When I heard of long, snaking queues forming outside of United Overseas Bank (SGX: U11), or UOB, branches back in September, I thought it was the bank touting some free limited-edition gift.
Instead, I was amused to learn that it was about the bank’s 2.7% fixed deposit rate.
Some queues lasted around four hours, nothing to sneeze at if you’re a housewife or house husband rushing home to cook lunch.
UOB was not the only bank to offer these rates.
Back then, OCBC Ltd (SGX: O39) was also offering promotional interest rates of 2.3% for a 12-month fixed deposit tenure.
Soon, the Malaysian banks have also joined the fray, with Maybank (KLSE: 1155) and RHB Bank (KLSE: 1066) offering promotional rates of between 2.35% and 2.7%.
And it’s not just fixed deposit rates that have risen.
Savings account balances are also attracting the highest rates in 15 years.
Singapore’s largest bank, DBS Group (SGX: D05), raised the interest rate for its flagship Multiplier savings account by up to 4.1% on the customer’s first S$100,000.
Not to be outdone, OCBC upped its highest interest rate tier to 4.65% on the same amount.
While attractive, these eye-watering rates come with a list of terms and conditions to fulfil, including spending, saving, and purchasing an insurance or investment product.
It begs the question, are these returns as lucrative as they seem?
No free lunch in the world
There is a price to pay for higher interest rates.
With all these offers being dangled in the media, has anyone ever stopped to think about the flip side?
Because the only reason that banks are willing to offer you “risk-free” returns is that they can charge you higher rates on the loans you take up.
You see, banks are in the business of lending out money to generate healthy returns for their shareholders.
A quick check shows that mortgage rates are sharply higher in recent months as the US Federal Reserve hikes interest rates to combat soaring inflation.
Just last month, the trio of local banks announced that fixed rates for mortgage loans will be raised to a maximum of 3.85%.
It’s almost a tripling of the base rate for a homeowner who signed on a fixed-rate loan package for 1.3% last September.
Meanwhile, let’s not forget that the US central bank has committed to continue raising rates, albeit at a slower pace than its previous “jumbo” 0.75 percentage point hikes.
Hence, it could get even more costly for those with mortgage or car loans in time to come.
An onerous undertaking
To top it off, it’s also difficult to fulfil all the conditions required by the banks to enjoy the highest tier of savings rate.
Not many of us will purchase an insurance product every month, make an investment, or spend up to a certain amount.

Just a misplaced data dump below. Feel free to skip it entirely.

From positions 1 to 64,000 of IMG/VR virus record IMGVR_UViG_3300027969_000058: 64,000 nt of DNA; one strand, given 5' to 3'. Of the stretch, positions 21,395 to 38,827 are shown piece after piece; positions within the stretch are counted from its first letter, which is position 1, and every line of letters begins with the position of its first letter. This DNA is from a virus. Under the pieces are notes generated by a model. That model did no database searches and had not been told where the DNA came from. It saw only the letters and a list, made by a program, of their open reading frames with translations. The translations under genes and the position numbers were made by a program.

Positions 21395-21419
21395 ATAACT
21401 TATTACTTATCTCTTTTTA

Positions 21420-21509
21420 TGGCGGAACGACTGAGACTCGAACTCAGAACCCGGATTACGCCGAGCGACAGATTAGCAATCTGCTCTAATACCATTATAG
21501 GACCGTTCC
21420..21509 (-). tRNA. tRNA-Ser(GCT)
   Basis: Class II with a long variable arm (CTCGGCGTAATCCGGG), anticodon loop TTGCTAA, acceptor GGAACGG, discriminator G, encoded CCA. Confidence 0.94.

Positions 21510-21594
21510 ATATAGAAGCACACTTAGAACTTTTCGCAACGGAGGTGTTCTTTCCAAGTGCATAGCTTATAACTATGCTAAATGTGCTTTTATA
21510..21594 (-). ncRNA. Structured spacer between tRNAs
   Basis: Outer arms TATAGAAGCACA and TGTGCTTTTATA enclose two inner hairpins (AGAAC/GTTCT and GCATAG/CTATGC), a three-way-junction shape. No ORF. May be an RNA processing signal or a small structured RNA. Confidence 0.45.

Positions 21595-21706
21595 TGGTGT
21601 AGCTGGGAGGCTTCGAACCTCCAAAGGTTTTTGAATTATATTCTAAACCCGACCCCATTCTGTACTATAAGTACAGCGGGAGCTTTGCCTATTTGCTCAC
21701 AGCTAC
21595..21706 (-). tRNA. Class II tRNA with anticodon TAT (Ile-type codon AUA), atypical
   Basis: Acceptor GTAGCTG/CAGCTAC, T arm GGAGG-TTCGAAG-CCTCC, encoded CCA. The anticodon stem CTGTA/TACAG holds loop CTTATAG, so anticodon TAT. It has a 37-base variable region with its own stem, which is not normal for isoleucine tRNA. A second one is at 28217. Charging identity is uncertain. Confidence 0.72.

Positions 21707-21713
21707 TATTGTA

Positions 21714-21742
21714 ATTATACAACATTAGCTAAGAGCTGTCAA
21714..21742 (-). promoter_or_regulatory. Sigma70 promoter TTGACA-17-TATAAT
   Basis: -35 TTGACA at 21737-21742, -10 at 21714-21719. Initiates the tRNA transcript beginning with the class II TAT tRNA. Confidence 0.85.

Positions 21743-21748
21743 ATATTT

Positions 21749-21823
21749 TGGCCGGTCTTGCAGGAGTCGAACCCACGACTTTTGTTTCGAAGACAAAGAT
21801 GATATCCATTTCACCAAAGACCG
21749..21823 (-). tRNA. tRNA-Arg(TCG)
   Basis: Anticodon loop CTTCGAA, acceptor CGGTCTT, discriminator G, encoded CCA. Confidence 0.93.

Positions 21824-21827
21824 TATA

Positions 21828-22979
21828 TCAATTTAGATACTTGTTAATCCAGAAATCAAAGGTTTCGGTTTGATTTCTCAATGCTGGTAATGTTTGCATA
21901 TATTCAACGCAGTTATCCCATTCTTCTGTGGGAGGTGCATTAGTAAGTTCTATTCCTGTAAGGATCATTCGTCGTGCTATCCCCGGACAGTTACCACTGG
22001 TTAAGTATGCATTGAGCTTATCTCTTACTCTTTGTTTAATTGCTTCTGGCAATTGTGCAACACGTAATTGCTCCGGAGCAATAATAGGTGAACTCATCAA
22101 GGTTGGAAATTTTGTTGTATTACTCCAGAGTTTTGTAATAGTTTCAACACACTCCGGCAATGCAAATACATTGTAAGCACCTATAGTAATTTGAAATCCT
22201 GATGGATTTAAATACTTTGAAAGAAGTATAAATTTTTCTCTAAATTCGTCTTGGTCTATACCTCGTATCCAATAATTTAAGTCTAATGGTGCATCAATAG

Fixed deposits also come with their conditions.
First off, these deposits come with fixed tenures, implying that you cannot easily access your funds unless you do not mind forfeiting the entire interest.
Second, many of the banks also specify a minimum amount of, say S$20,000, for depositors to enjoy these rates.
These terms and conditions are giving me a headache to track and let’s not forget that they can also change according to the whims of the banks and as economic conditions evolve.
Being an owner versus a customer
It may sound strange, but I’ve always believed that it’s better to own part of the bank than to be a customer.
Let’s take Singapore’s largest lender, DBS Group, as an example.
The bank’s share price has climbed 8.3% in the past year while the bank has posted record earnings from the uplift in interest rates.
Owning the lender’s shares also means you are receiving a dividend yield of 4.1%, paid quarterly.
The minimum sum you need to invest to be a shareholder of DBS is just S$3,500 for 100 shares, unlike the S$20,000 needed to place a fixed deposit.
But you know what’s the most attractive part of all?
It’s that DBS has the potential to continue growing its business for the foreseeable future.
And when it does so, its share price will also rise in tandem, bestowing capital gains to its shareholders.
Another bonus comes in the form of rising dividends, as the bank has a track record of raising them over the years.
These promotional savings and fixed deposit rates may soon vanish as global interest rates eventually head down.
But if you park your money in good investments, you can always feel confident of not just beating inflation, but also building wealth that can carry you through your retirement.
Investing for the long term
In the short-term, these risk-free options may seem attractive.
But if you want to grow your wealth in the long run, it’s a better choice to park your money in strong, dependable stocks that can multiply your wealth.
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Disclaimer: Royston Yang owns shares of DBS Group.